And so we scream at the skies, as though they are responsible for the state of the world, for the monsters that harm others, for the blindness and denials and superiority, and idiocy, and murderous intents, and savage actions. I use the word “sky” here as a placeholder for your favorite god or goddess.

At bottom, it is that god or goddess that we want to enfold us, to take us back home, wipe our tears, stroke our back, perhaps make love to us. We want to go back home, this world can make us weary.

But we cannot, can we? Not yet. Maybe some day.

So I looked at the blond blue-eyed boy, who has himself now gone back home and I pray it enfolds him dearly, and knew he and I were separate. Existential realization in the first months of your life can be a heady thing.

So I looked at him and learned with time to fall in love and to listen, and that when you do not feel heard, you can still listen. That when you are not enfolded, you can still enfold at least in your heart and mind. That when someone does not understand you, it may not be their fault that they are deaf.

But you can, as I did, put your little toes on the ½ protrusion of the baseboard and your little fingers over the edge of the butcher’s block with its smear of blood, pull yourself up, and say again your personal message in your secret language.

It is what we can do. It is what we must do. Some people will hear. Some people do hear, they do, they really do. It is a kind of enfolding.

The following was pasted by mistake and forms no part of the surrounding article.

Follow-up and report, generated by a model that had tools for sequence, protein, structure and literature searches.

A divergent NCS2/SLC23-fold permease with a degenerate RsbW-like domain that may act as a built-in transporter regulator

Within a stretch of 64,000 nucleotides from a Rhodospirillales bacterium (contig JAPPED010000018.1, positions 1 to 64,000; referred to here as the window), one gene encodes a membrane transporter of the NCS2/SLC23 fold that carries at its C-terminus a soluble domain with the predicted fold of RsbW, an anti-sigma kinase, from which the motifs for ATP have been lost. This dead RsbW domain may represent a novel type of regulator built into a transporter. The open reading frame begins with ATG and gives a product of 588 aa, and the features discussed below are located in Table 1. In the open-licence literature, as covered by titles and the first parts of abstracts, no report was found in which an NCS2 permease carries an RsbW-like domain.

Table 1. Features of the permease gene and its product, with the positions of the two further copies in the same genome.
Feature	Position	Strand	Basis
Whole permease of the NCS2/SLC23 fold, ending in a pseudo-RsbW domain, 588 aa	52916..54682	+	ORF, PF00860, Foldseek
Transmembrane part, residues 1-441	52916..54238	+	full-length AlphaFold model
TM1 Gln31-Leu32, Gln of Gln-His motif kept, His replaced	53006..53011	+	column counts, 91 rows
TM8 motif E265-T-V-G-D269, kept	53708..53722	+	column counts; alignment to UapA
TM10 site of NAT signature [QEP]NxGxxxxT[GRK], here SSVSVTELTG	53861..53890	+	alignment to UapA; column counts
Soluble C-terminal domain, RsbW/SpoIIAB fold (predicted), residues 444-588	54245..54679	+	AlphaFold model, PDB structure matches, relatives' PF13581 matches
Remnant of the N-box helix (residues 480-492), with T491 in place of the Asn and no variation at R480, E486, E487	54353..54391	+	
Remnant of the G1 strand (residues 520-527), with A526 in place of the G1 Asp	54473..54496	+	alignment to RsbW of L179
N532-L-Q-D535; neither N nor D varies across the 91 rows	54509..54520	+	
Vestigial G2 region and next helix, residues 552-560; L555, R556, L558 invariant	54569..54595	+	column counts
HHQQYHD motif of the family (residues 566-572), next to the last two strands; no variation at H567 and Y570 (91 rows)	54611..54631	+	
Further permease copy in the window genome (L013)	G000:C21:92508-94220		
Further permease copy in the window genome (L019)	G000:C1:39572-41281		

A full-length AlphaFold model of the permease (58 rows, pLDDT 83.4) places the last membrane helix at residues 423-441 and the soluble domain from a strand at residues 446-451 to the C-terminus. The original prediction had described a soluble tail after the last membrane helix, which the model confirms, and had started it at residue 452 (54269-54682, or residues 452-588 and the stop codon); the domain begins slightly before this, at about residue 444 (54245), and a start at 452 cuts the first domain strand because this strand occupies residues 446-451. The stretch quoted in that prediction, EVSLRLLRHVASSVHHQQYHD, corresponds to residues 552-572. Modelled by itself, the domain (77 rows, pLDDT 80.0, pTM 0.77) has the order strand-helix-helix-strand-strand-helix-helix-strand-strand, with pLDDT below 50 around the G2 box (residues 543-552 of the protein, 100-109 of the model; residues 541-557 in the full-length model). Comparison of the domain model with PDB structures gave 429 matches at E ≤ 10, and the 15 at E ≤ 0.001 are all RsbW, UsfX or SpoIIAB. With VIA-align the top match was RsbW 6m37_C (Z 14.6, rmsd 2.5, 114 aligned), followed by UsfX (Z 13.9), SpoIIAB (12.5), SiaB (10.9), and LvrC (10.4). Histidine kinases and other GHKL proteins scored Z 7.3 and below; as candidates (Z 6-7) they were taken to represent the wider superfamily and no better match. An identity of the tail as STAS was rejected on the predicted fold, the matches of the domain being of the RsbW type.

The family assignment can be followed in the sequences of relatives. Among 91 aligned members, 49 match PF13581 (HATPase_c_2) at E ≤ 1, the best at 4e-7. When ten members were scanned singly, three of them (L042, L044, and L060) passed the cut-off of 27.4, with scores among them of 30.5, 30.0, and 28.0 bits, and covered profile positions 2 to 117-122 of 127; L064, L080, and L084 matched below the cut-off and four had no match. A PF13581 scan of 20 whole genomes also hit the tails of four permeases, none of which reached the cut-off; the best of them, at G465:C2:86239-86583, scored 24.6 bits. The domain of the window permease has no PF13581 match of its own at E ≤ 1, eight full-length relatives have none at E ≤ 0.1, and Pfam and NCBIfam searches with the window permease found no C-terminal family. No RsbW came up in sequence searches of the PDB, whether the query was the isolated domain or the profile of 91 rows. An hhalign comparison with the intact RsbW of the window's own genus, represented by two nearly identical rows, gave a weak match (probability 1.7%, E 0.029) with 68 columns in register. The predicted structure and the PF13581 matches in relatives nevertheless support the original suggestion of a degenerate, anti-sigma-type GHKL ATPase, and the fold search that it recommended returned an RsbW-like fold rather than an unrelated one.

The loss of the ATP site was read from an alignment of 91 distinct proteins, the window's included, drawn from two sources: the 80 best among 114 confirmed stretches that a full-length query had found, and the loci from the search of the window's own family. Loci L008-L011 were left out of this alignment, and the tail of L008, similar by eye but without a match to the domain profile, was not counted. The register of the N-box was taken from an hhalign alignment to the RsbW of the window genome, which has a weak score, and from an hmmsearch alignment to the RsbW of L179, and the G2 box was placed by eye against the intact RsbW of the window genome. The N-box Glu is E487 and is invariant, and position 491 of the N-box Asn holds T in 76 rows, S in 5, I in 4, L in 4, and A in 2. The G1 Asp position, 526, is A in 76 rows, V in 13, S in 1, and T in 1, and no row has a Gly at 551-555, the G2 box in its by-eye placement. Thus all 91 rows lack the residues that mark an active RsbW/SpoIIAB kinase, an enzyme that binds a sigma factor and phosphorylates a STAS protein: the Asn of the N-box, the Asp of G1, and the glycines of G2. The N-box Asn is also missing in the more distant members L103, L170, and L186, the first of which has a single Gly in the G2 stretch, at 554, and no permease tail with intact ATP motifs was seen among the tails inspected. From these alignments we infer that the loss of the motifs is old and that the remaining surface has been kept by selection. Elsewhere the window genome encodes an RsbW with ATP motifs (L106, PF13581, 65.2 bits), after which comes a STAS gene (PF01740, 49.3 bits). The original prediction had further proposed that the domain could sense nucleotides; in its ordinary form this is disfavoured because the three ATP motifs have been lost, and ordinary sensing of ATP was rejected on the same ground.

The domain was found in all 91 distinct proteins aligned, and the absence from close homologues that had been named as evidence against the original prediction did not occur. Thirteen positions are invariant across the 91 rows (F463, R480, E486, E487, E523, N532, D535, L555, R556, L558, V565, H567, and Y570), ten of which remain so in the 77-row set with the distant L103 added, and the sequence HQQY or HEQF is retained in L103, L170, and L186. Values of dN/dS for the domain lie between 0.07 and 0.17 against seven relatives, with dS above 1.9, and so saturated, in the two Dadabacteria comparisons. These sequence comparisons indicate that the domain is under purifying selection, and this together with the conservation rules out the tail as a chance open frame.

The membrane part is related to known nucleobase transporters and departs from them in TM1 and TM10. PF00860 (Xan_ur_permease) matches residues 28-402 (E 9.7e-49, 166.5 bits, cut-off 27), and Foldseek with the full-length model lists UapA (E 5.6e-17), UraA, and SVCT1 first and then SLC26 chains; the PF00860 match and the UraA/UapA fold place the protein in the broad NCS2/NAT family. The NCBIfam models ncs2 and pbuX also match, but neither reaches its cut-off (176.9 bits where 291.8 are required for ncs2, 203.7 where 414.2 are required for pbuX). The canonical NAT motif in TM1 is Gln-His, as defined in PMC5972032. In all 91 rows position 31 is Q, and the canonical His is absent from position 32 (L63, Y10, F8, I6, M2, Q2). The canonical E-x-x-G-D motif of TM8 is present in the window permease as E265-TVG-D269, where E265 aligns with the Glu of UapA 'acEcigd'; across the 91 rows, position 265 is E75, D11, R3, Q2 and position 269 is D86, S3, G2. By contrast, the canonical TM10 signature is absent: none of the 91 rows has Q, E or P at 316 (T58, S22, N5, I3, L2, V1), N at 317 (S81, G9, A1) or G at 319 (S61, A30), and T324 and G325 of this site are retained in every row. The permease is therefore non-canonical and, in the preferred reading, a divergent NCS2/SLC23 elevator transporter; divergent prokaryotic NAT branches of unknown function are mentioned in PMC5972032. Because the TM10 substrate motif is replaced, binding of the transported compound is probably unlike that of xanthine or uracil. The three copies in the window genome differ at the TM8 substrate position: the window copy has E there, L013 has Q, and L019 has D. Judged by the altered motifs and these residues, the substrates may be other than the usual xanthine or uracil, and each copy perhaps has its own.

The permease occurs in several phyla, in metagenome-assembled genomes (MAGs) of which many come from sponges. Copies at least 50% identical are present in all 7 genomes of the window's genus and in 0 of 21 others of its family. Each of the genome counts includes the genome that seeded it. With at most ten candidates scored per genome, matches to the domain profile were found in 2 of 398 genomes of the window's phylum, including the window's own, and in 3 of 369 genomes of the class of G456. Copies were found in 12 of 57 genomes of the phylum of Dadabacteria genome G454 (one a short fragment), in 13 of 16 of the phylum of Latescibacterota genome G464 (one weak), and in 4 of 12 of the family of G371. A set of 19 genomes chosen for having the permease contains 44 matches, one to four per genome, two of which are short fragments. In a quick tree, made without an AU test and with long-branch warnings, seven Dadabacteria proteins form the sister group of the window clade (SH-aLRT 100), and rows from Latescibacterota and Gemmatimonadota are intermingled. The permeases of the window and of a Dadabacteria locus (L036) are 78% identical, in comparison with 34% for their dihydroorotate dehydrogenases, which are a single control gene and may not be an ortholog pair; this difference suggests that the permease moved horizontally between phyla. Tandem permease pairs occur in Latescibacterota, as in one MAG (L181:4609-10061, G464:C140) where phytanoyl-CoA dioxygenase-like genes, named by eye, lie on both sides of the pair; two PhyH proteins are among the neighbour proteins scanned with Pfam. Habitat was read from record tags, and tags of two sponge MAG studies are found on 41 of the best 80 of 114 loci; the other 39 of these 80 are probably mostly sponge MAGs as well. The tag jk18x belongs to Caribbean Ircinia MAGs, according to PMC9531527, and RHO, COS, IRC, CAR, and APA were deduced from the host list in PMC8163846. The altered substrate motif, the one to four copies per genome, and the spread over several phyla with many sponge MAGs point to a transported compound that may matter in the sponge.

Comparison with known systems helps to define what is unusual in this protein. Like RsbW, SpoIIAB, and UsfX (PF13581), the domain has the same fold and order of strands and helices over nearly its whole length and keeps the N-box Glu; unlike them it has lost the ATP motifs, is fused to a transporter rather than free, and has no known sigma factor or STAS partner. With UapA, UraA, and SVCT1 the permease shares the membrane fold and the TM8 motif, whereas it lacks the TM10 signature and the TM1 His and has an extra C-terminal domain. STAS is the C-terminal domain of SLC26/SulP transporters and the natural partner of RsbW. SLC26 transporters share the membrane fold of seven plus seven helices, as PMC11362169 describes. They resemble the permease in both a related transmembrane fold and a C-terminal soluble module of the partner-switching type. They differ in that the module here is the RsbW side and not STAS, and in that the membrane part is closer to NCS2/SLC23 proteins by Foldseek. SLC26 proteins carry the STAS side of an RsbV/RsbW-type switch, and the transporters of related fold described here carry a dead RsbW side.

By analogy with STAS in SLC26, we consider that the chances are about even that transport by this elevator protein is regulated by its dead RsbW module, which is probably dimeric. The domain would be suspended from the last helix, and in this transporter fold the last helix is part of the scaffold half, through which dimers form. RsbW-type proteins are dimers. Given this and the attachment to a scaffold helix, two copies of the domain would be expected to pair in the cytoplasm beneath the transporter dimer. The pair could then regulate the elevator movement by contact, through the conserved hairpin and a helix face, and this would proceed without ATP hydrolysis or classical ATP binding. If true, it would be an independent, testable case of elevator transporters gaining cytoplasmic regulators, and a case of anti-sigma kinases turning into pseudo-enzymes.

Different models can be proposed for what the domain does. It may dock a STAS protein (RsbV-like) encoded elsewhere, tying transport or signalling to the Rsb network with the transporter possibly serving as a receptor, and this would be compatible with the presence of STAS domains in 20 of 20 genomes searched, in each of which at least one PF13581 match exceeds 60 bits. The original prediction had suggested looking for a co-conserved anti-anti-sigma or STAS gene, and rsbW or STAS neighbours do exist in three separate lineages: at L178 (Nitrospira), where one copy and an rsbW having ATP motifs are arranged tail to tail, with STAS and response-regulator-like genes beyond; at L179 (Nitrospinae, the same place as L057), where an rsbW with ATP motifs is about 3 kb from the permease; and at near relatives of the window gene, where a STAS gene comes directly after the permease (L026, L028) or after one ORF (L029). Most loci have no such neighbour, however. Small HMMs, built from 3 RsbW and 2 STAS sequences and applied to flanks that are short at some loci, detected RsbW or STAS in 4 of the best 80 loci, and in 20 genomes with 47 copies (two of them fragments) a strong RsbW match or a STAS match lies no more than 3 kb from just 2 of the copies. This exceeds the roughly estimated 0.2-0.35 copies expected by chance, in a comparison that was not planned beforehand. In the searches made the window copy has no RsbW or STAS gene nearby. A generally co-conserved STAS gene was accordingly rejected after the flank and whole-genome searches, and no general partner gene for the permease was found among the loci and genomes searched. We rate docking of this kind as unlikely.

Rachmaninoff and Me

I haven’t written because I have too much to say, but question the validity of saying any of it. Recently on Facebook I have been adding “friends” who are poets and authors, and I don’t know who they are – well, some names are slightly familiar – and they all have books, and write beautifully, which adds to my writer’s block; but I just came from seeing the play “Preludes” at Lincoln Center about the composer’s block of Sergei Rachmaninoff after a disastrous – and I do mean disastrous – debut of a new symphony. The conductor was drunk and the orchestra not prepared, and Sergei got skewered by the critics. If seeing that play doesn’t unblock my backlog, I think nothing could except drunkenness, which isn’t my style. It didn’t work for the conductor, it wouldn’t work for me.

Afterwards I sat under the trees in front of the theater in this blessed balmy air that is the same temperature as your skin surface, which is, of course, heaven, and the guy who played Rachmaninoff walked by. He was talking to an obvious friend who left and then as he walked back, I said “Thank you,” and he came over and I told him about the Rachmaninoff wars between my 7-year-old grandson who adores Rachmaninoff, though at first he thought it was Mozart he adores but it is Rachmaninoff, and my 5-year-old granddaughter who thinks music isn’t music unless it has words and a singable melody, while Ben doesn’t like music with words. He is gifted in math so it makes sense. Rachmaninoff was mathematical also.

So the writer’s block has been both about that I cannot keep up with the magnificent writers who are suddenly all over my FB thread even though they don’t know me, but probably did a quick check, saw I looked harmless, and were willing to accept me as a “friend.” And it is also because I have lost my sense of having a profile, any i.d. Nothing makes sense anymore regarding who I am. And if you don’t know who you are, your literary impulses, which depends on what you think and feel, can get pretty confused.